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Beersmith Primary vs Secondary Dry Hop and the Whirlpool


Grandmaster Brewer
Jul 26, 2012
Reaction score
Los Angeles
It certainly seems that BS3 doesn't have a differentiator in dry hopping in either stage of fermentation.

Typically, I'll dry hop for 3-4 days in Primary (biotransformation or to scrub out the oxygen with remaining yeast) and then rack to a purged keg, or secondary, and do a second charge. For the sake of organization, I'll separate these in BS with the appropriate amounts and days.

BS will organize these based on time, similar to the whirlpool issue. Because my Primary dry hop is less time than my keg, or secondary, charge, it places it out of order. You can see in the attached image, that my dry hopping in Primary is for three days and is dumped to the bottom. Ultimately, for this recipe, I will dry hop at the peak of fermentation, let it finish out and then rack on top of the second charge in the keg which will sit for 7+ days before bottling.

Ideally, these would stay in order. We all have the same problem with the whirlpool, but I have a workaround by manipulating the ingredients (although it doesn't make my IBU calculations accurate). As for the dry hop question I have here, I can't seem to figure out a workaround for the time it's in there.

I hate to ask if I'm missing something, but if it isn't a feature, I'd love to put that in as a request for future updates.


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So, I understand your thinking, but in terms of the software the number of days is measured based upon the date of bottling/kegging.  So a 3 day charge is set to 3 days before the packaging date.  You want to set the time of hopping to reflect this reference point and record the removal/transfer off the hops in your notes or it really becomes part of the fermentation profile, since you are transferring the beer to a new container.  I set keg hops to 0 days.  Since there is no affect of dry hop additions on any of the calculated numbers, this works fine and it is used more for timing of the hop additions rather than any measured or calculated value.

When it comes to you whirlpool, you want to do it the same way.  Set the first charge for the remaining time of the whirlpool/steeping and other charges are lower in time exposure from there.  If you physically remove the whirlpool hops at a certain point, you can adjust the temperature to reflect the estimated IBU of that addition and the timing for the timer function for addition times.  While not perfect and given that IBU from the whirlpool/steep are pretty much a guess anyway, it is the easiest way to have the numbers come out to where you want.
I see. I didn't realize it was from packaging. I'll adjust the dry hopping as such. Good suggestion on setting keg hops for 0 days--makes perfect sense.

Oginme said:
When it comes to you whirlpool, you want to do it the same way.  Set the first charge for the remaining time of the whirlpool/steeping and other charges are lower in time exposure from there.

The first charge for my whirlpool is at flame out--I let it sit around 200 for 15 minutes, then add the second charge at about 175-180 for 30 minutes. I don't remove the hops so setting the first charge for 45 minutes would give me the wrong IBU calculation, no? I suppose I can just make note of it with the correct estimation and time it sits at 200 in the notes tab.

Right now, in my design tab, I have my first whirlpool addition set at flame out (boil for 0 minutes), which doesn't estimate any IBUs. Then I add zero ounces of a "hop" I created called "whirlpool" for 45 minutes (or the total time of my whirlpool). Then add each subsequent hop with the according temperature and time. Those have the appropriate estimated IBUs, but the flame out hops don't. I suppose it's just a matter of me using the calculator and jotting it down for my estimated IBUs?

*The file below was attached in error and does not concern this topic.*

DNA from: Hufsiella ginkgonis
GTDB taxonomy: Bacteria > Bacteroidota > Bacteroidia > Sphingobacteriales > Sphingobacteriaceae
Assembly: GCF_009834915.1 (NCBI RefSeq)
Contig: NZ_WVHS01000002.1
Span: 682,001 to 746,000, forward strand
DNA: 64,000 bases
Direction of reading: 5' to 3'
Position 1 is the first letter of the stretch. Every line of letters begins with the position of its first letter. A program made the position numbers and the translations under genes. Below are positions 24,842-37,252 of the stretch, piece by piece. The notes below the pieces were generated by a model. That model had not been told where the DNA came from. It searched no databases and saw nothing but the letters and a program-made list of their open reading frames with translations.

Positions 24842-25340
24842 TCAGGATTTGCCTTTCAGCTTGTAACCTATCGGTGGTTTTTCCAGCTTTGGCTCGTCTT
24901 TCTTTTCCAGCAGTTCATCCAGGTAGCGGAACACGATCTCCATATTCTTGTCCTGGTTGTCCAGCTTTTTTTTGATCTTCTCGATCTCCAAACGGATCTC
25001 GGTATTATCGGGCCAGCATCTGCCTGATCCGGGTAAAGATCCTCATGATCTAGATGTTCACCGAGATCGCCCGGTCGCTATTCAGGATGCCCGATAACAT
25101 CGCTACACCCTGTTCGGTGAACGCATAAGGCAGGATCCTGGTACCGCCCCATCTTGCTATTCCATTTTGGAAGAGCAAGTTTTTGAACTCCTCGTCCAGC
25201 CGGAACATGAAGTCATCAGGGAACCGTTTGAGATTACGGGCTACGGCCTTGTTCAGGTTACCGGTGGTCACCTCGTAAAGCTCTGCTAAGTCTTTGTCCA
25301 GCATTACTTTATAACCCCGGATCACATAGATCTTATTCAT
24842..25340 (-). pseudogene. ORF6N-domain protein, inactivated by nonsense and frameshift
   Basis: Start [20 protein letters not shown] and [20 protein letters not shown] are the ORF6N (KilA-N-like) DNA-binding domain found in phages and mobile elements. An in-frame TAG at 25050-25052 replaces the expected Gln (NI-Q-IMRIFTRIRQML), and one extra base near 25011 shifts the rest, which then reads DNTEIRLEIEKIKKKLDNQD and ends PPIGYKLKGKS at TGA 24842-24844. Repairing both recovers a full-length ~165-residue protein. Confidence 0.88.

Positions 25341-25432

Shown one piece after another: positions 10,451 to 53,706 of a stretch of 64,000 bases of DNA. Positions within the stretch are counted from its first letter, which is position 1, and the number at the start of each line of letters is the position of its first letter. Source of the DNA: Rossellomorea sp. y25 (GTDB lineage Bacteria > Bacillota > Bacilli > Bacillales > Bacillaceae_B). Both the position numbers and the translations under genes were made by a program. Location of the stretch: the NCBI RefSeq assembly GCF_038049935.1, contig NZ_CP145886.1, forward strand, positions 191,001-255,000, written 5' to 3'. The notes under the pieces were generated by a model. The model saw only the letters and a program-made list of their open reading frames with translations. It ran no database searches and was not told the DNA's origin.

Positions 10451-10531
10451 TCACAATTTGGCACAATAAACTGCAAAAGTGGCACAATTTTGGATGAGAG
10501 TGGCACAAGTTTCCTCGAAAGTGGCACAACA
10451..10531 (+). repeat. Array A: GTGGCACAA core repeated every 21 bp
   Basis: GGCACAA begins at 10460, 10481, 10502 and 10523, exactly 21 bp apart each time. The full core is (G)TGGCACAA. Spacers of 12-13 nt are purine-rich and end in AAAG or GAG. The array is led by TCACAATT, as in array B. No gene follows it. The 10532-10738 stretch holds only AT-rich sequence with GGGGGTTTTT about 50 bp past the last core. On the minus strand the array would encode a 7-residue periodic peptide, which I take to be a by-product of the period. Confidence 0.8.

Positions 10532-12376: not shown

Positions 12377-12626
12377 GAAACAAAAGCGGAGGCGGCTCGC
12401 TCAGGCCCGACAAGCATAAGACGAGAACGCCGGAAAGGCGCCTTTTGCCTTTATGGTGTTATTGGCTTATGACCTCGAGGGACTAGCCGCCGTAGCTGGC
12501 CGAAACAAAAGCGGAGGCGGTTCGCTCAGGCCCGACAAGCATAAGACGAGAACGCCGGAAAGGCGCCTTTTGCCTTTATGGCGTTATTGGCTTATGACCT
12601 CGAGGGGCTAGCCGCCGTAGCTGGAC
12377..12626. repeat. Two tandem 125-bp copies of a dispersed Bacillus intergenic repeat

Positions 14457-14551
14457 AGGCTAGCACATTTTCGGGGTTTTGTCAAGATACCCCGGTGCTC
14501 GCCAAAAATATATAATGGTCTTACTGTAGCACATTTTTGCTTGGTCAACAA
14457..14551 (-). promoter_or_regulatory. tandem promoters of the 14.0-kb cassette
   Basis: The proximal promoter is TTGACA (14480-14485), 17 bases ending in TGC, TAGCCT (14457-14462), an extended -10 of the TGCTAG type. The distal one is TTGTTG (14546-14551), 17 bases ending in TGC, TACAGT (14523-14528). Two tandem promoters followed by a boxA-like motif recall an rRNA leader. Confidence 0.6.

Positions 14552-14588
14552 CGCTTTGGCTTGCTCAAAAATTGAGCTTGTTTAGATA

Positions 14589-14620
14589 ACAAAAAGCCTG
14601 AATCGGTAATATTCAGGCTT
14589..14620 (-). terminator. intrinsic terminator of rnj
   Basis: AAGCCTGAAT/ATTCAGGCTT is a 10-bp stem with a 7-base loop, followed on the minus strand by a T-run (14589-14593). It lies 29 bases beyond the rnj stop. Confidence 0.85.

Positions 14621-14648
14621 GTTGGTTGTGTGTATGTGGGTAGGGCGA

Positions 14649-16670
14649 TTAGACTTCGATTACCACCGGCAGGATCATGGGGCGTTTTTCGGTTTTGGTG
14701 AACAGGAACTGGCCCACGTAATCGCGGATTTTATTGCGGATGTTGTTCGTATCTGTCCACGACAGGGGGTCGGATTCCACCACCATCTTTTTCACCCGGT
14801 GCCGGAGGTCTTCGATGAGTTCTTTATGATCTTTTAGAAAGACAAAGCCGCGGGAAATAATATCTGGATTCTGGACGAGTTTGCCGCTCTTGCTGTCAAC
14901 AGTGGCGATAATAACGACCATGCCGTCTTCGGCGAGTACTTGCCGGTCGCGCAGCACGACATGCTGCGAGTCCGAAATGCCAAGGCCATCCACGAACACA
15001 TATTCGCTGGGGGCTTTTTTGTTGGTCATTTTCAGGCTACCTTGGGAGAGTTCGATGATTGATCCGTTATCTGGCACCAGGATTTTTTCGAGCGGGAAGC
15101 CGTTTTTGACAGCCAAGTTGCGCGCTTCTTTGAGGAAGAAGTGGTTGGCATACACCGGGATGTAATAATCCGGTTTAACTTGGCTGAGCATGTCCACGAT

When I design a beer where I am adding hops at flame out and chilling right away, then I use the 0 minutes boil time.  When I do any type of whirlpool/steep, I add these hops at the total time of the whirlpool and then I adjust the temperature to where I think the IBU contributions will be based upon having tested whirlpool and bitterness over many recipes. 

In the last iteration of the BeerSmith 3 beta, Brad removed the whirlpool % utilization since he rationalized that the temperature was already compensating for that factor.  It really threw my previous work out and I started manipulating the temperature setting in the program (not in real life) to attain the approximate IBU perception I was getting.  Since I brew based upon the timing of additions and have mapped out the temperature drop of the wort over time, I can make this work. I know from experimental data and experience that if I wait 15 minutes, my wort will be around 190F and at 25 minutes it will be at 180F. If I ever get an automated system I may be struggling again to figure this out.

Another tip that I use is the creation of a 'hop' called 'whirlpool pause'.  I add it in for the full time the kettle will be sitting after flame out. It contributes no IBU but is used to set the timer in BeerSmith to alert me when it is time for the whirlpool charges.  For example, I usually add a charge in at 190F for 15 minutes and another at 180F for 5 minutes.  Using the 'pause' hops, I set this for 30 minutes, he first charge for the 15 and the second for 5 minutes.  I then adjust the temperature in the software down 5 degrees from the actual target to get what I sense is the actual IBU contribution.  It has taken more than a few brews with whirlpool hop additions alone to figure this all out for my system, but I also ended up with some nice recipes for an American wheat beer and American pale ale which are only whirlpool hopped and are very popular.